Pros Reveal Essential Lavender Care Guidelines



Lavender is among the most favored plants in the garden and homes. It boasts a calm, soothing color and smell, plus offers a distinct flavor. Learn about growing lavender by visiting

Lavender, “Lavandula,” is native to the Mediterranean but can be found in vast climate ranges today. It has many variations—different sizes, flowers, colors, and a multitude of uses. It’s relatively certain anyone can find lavender suited to their environment.

Lavender is referenced as the “plant of peace” for its purported calming properties. Its flowers are cultivated for essential oils which can be used in hair and skincare. People often use it for flavoring teas, ice cream, and other delicacies.

The challenge with lavender is establishing a healthy plant; however, once you’re able to do that, it becomes virtually self-sustaining. We’ll review a few pro tips for proper care to ensure your plant thrives year after year.

Tips For Thriving Lavender Year After Year 

Lavender is a favored herb for the flowers’ fragrance and the oils’ soothing effects. The lavender plant care guide provides tips for growing lavender after it’s established, which is relatively simple, with the plant requiring minimal maintenance. 

Fresh lavender has countless uses, whether in recipes, tea, drying for household sachets or crafts, personal care items like skincare lotions and soaps, and more. The herb is healthy for the ecosystem, attracting various pollinators and repelling pests.

Watering lavender

Watering plants is required for optimal health. Roughly once each week, lavender should be watered or when the soil is dry (to the touch). The herb is drought-tolerant, capable of handling dry spells. During these periods, the plant will produce fewer flowers without sufficient watering. 

Although too much water can cause root rot, which could kill the plant. When a young plant is just starting, you’ll water more regularly to get the roots established; the added water helps them grow. Once settled in its new environment, watering can slow down.

Soil type 

Lavender will grow happily in the right soil. You can create a mix that drains well and is sandy or buy a commercial mix for lavender specifically. For clay-like or heavy soil, add some sand for adequate drainage. The herb prefers its soil to be dry since it is a drought-tolerant plant. 

It wouldn’t do well in wet surroundings. A mix that includes sand is vital for a healthy, happy plant.

Fertilizing or not

Lavender is known to be able to thrive in the soil where other plants can’t without fertilizing. The herb requires minimal maintenance for those who might not have superior gardening skills or tend to forget to fertilize for extended periods. 

When you want to encourage greater flowering or better growth, fertilizing with a balanced fertilizer once each month is recommended. This is especially important in the spring, as new growth is starting to appear in lavender.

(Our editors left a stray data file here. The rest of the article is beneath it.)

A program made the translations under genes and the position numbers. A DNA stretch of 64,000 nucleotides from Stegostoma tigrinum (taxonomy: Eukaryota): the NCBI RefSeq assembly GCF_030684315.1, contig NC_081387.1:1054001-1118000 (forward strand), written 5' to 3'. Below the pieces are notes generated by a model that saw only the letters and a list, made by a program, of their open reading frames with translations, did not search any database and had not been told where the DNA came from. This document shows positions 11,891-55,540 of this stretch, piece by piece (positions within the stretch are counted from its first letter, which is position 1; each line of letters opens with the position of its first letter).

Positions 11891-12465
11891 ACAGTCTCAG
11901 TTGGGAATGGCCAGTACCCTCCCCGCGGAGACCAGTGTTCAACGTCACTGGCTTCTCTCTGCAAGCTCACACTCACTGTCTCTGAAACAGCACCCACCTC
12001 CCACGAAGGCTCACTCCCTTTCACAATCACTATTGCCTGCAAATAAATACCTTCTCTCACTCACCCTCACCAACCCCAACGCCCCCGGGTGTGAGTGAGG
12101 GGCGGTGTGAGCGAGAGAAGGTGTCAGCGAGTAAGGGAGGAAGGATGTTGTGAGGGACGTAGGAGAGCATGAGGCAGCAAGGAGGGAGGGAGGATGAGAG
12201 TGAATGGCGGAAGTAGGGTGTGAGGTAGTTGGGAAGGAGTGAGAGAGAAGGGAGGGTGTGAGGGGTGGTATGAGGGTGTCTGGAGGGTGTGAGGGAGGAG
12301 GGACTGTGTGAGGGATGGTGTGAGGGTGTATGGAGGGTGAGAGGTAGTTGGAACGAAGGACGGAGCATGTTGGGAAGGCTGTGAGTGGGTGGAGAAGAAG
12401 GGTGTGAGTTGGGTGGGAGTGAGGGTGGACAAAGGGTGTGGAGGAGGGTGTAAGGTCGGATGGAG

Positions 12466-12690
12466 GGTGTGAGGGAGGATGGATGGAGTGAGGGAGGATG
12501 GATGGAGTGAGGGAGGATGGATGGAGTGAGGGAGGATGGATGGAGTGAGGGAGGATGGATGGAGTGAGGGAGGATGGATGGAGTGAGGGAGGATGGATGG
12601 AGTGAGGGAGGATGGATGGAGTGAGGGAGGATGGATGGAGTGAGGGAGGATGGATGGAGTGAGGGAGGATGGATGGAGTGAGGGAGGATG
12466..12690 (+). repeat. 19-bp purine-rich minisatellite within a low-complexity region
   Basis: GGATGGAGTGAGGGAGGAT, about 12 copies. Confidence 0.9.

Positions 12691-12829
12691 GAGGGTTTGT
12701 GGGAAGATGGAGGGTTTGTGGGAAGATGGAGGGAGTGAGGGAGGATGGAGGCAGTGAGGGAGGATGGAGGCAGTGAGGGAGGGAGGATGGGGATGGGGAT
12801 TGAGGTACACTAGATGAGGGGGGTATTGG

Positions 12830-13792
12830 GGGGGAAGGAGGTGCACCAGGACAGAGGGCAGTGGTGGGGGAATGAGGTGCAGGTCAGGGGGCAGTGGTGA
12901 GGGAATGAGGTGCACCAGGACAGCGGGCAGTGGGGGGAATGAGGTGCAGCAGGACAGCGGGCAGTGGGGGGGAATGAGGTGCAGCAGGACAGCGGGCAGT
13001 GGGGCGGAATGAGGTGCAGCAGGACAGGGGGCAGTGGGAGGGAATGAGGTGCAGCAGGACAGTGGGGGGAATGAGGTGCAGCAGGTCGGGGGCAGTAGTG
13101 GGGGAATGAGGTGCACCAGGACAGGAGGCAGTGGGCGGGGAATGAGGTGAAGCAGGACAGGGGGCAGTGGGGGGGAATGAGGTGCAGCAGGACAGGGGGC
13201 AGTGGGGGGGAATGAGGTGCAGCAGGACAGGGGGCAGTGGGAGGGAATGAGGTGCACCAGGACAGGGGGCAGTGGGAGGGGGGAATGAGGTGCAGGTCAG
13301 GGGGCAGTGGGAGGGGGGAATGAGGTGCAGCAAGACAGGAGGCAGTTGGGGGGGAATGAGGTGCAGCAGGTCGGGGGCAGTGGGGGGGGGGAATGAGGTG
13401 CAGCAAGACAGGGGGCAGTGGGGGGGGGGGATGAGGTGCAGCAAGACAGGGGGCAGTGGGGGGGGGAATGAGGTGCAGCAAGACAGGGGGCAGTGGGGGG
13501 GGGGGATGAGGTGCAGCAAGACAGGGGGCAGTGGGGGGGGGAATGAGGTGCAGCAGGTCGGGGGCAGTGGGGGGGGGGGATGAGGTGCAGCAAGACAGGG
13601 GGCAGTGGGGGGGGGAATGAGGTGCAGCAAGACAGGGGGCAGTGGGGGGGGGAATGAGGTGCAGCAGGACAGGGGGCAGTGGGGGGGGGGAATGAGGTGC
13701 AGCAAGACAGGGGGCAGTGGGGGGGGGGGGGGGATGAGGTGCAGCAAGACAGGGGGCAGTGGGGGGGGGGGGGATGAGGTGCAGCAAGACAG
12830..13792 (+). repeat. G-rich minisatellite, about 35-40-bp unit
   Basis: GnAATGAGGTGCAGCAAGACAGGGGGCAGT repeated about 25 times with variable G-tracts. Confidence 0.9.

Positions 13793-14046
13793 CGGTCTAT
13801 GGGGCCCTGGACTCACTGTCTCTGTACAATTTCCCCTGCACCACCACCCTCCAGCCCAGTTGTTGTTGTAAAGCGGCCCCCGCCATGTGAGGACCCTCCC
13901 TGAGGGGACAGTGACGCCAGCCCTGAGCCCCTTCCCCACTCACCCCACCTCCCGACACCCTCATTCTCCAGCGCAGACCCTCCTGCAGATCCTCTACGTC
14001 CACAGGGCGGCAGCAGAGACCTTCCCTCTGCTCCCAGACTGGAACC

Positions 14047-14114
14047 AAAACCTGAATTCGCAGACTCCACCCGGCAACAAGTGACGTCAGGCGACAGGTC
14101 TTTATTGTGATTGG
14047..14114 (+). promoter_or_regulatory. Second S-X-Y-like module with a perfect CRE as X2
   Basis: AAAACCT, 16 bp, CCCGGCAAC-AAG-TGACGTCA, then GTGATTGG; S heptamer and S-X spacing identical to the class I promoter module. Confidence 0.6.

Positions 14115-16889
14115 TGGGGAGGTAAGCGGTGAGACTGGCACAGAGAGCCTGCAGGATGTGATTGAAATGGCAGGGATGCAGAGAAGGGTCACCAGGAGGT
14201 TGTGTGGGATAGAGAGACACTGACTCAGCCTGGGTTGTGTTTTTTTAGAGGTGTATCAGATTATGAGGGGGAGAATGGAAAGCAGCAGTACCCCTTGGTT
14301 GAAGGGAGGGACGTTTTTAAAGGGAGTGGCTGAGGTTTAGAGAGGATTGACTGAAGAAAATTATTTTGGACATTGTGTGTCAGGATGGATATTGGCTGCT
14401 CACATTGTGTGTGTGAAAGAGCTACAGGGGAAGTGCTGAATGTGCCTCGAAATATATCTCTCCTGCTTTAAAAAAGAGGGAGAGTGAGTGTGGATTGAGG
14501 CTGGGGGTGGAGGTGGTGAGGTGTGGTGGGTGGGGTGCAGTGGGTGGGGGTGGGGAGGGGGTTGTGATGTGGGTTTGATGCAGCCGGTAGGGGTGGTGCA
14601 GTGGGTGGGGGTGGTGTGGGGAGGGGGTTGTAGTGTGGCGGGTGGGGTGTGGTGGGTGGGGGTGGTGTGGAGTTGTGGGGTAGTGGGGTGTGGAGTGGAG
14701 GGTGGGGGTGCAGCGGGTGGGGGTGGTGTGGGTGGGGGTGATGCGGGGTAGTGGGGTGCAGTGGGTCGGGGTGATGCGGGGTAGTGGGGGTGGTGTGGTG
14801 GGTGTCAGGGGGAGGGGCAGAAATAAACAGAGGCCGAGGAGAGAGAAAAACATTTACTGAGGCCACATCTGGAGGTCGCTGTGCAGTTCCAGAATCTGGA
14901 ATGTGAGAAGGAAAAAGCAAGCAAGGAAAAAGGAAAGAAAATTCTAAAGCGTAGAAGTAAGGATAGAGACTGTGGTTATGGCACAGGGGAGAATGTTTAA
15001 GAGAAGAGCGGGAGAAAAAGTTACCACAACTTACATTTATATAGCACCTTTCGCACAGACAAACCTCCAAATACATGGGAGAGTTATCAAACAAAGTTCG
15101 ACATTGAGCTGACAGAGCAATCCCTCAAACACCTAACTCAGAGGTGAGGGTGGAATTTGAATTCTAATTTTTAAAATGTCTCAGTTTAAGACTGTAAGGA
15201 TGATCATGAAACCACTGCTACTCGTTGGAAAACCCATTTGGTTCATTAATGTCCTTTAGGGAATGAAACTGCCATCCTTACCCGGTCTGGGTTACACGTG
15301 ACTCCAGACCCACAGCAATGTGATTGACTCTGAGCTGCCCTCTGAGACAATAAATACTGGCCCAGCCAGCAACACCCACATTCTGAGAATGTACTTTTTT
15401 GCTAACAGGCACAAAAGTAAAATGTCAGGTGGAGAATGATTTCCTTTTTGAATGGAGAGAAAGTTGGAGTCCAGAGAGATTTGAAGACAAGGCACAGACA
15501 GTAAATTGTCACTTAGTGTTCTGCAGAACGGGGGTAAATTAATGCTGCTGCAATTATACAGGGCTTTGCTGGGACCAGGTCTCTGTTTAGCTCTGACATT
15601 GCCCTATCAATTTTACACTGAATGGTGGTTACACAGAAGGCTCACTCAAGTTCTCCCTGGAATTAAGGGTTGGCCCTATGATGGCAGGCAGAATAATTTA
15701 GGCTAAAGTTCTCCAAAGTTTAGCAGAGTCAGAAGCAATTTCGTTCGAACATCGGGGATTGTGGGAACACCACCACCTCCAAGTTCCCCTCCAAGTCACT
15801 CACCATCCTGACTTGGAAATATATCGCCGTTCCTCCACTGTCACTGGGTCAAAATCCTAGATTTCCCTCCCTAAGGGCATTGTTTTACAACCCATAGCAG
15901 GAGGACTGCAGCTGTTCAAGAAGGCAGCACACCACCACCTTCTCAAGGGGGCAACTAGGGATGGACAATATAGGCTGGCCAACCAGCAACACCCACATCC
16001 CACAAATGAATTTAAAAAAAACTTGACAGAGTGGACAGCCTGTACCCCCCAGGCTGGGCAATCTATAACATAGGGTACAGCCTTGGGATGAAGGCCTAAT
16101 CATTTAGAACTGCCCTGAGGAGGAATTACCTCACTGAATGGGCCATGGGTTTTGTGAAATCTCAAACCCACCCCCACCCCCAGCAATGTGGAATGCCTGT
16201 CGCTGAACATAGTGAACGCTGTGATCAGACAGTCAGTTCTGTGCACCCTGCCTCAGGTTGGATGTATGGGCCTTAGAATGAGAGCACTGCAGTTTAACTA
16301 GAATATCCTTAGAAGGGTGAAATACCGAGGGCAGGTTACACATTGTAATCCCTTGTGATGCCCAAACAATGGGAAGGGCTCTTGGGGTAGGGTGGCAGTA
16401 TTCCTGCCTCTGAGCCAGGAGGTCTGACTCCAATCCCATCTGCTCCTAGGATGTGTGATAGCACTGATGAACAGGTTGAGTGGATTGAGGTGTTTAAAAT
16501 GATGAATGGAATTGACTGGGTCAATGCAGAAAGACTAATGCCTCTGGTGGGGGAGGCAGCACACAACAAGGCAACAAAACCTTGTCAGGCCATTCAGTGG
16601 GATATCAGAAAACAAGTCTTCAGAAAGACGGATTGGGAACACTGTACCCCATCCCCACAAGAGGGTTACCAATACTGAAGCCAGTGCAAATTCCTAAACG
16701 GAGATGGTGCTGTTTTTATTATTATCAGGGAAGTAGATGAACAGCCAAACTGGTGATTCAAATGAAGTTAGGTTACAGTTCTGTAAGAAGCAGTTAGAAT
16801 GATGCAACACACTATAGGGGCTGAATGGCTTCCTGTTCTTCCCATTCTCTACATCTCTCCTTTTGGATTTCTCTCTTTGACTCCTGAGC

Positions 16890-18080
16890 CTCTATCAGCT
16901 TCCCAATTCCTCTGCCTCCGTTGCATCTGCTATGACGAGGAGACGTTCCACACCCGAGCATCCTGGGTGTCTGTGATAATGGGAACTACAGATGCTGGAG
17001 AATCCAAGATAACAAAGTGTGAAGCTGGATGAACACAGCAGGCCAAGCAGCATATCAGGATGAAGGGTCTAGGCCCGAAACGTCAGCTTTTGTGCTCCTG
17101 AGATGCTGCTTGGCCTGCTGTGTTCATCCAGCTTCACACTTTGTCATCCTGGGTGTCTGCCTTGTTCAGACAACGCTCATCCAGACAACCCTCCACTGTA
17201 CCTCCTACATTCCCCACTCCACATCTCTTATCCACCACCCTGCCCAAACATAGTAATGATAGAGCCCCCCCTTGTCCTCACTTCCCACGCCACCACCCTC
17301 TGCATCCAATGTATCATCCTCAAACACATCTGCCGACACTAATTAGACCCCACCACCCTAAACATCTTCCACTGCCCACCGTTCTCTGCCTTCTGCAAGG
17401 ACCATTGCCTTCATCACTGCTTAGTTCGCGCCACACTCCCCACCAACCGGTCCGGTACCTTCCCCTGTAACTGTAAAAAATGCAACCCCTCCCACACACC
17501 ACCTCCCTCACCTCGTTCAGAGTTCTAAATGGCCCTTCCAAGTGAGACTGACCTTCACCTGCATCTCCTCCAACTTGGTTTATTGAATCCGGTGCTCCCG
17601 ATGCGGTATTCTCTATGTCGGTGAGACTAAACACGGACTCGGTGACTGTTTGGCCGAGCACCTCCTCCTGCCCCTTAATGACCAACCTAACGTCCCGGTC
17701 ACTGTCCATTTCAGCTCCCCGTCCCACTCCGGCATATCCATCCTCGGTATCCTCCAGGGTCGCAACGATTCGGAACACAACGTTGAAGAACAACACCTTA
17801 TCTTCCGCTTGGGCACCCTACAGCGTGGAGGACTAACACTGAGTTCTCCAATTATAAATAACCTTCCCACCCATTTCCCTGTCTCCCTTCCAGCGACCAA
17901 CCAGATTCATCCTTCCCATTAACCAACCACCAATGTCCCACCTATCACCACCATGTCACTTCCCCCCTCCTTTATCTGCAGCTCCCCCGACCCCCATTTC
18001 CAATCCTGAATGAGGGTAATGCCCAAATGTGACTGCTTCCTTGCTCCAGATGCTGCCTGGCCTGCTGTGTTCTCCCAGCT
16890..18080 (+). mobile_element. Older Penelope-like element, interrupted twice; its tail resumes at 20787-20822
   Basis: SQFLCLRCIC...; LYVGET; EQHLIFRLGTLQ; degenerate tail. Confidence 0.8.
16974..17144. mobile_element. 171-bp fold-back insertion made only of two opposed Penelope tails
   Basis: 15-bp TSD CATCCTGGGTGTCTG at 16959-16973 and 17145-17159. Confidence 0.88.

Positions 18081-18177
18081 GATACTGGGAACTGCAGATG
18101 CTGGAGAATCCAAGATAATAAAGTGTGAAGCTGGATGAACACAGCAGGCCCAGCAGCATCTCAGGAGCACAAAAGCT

The plant requires a good organic product with phosphorus, nitrogen, and potassium, but it doesn’t require a lot of it. The fertilizer improves the soil quality, giving the herb a pleasant growing environment so it can thrive.

How to harvest

With the multiple uses, including oils, crafting, teas, and so much more, you’ll likely be anxious to harvest the plant to use for many products. The ideal time for harvesting flowers is after the dew evaporates in the morning, before the heat sets in. 

The flowers should be in full bloom. The buds are ready to be harvested when they start to turn purple. The stem should be cut roughly an inch beneath the flower’s head when harvesting. 

You can harvest as often as twice each week, but you’ll want to leave sufficient flowers that the plant will continue to bloom. Click for details on the height at which lavender can grow.

Drying the flowers

After harvesting, lavender flowers should be dried so that they can be used for various purposes. When drying, the flowers should be tied in batches and hung upside down in a ventilated, cool, dark location. When the flowers are fully dried, the stems should be removed, and the flowers should be stored in airtight storage.

This should be kept in an area away from small children and pets. While lavender is safe for adults to ingest, it’s mildly toxic for kids and animals. 

When pets ingest a large quantity of essential oils or if kids eat a portion of the flowers, it’s wise to have a vet or the pediatrician do an exam to ensure there are no adverse effects.

Final Thought

Lavender plants make a lovely addition to the garden, and the flowers have a host of valuable purposes. The herb can be a challenge to establish at first, but once it gets started, it’s relatively easy to take care of with minimal maintenance—little watering and fertilizer. It only asks that you give it plenty of sun and well-draining soil.

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